Loss, and the Grief that follows, has never been more honestly explored.

The Year of Magical Thinking – Joan Didion (2005)

On the 10th of February, 1991, my father slipped from life after a long, debilitating illness.  My brother and I were at school, my mother was at work, and my grandma was at home with my dad.  We knew it was coming.  We had reached a point where we just didn’t want my father to suffer anymore.  He had been unable to speak for months, the cancer having dwindled his once robust body to a thin wisp.  He was barely 70 lbs.  He was 46 years old.

On the 30th of December, 2003, the author Joan Didion was settling down to dinner with her husband, having returned from a visit to the ICU where their daughter was currently under examination, when her husband stopped talking and slumped forward onto the table.  The paramedics were called but he was pronounced DOA at the hospital.  Joan’s husband John, a fellow author, was also 46 years old.

Losing a loved one over a period of months or years is its own kind of torture.  The living must come to grips with the inescapable fact that death is coming for someone they care about.  The grief hits way before death.  It hits when you no longer recognize your father in front of you.  It comes when you sit and think, “I am going to have to grow up all by myself, now.”  It struck when I realized my mother had to come to her own realization that she would continue living, while the person she had known since childhood, and married at age 21, and lived and loved and fought with and raised children with for decades would sooner or later be gone.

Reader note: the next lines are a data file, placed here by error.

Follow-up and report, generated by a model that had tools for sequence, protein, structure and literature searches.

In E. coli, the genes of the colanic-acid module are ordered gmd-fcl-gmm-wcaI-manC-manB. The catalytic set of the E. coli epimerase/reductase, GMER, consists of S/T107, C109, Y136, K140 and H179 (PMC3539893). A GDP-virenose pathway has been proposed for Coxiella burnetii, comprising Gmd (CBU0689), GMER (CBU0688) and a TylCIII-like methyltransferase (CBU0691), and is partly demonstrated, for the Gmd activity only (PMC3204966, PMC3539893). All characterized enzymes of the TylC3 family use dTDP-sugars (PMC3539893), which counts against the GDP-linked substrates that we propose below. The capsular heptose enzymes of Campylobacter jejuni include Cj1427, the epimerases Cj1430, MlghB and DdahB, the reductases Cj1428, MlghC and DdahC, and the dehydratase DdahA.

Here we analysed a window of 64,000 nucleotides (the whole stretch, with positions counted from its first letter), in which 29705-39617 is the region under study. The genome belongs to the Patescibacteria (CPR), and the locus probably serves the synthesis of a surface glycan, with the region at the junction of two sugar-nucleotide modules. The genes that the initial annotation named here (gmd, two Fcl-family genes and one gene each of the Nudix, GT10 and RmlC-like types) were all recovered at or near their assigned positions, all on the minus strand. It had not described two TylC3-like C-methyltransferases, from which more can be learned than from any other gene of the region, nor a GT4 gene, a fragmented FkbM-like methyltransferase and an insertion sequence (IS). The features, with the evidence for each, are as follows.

Joan Didion experienced a wholly different grief.  She had to suffer the grief of the unexpected departure.  Her husband died right in front of her.  Her daughter was under intensive care at a hospital.  She was alone.  She had to continue on alone.  This book, The Year of Magical Thinking, is a deeply personal exploration of a mind under the most acute grief.  As a writer, she is concerned with how thoughts form, why ideas are created, why thoughts occur.  In this book, she details her experiences not only with the nuts and bolts of what happens once someone in your house dies, but also the deep schism that occurs in the mind of the grieving survivors. 

Joan Didion suffered much differently than my family did when we lost our father.  With our dad’s passing, there were few questions such as the ones Ms. Didion asks herself.  She repeatedly agonizes over whether there were something she could have foreseen, something she could have changed, or some action she could have taken that would have altered the oncoming cardiac arrest that took her husband.  She pores over the medical literature to try and make sense of what had happened.  Endless questions and regrets and what-if’s flit through her mind, but she comes to understand that it is the state of grief itself that is keeping her conscious thought from behaving in the rigorous, writer-worthy intricacies she is used to.  It is this state that she describes so well, and which is applicable to anyone and everyone suffering through the loss of a loved one.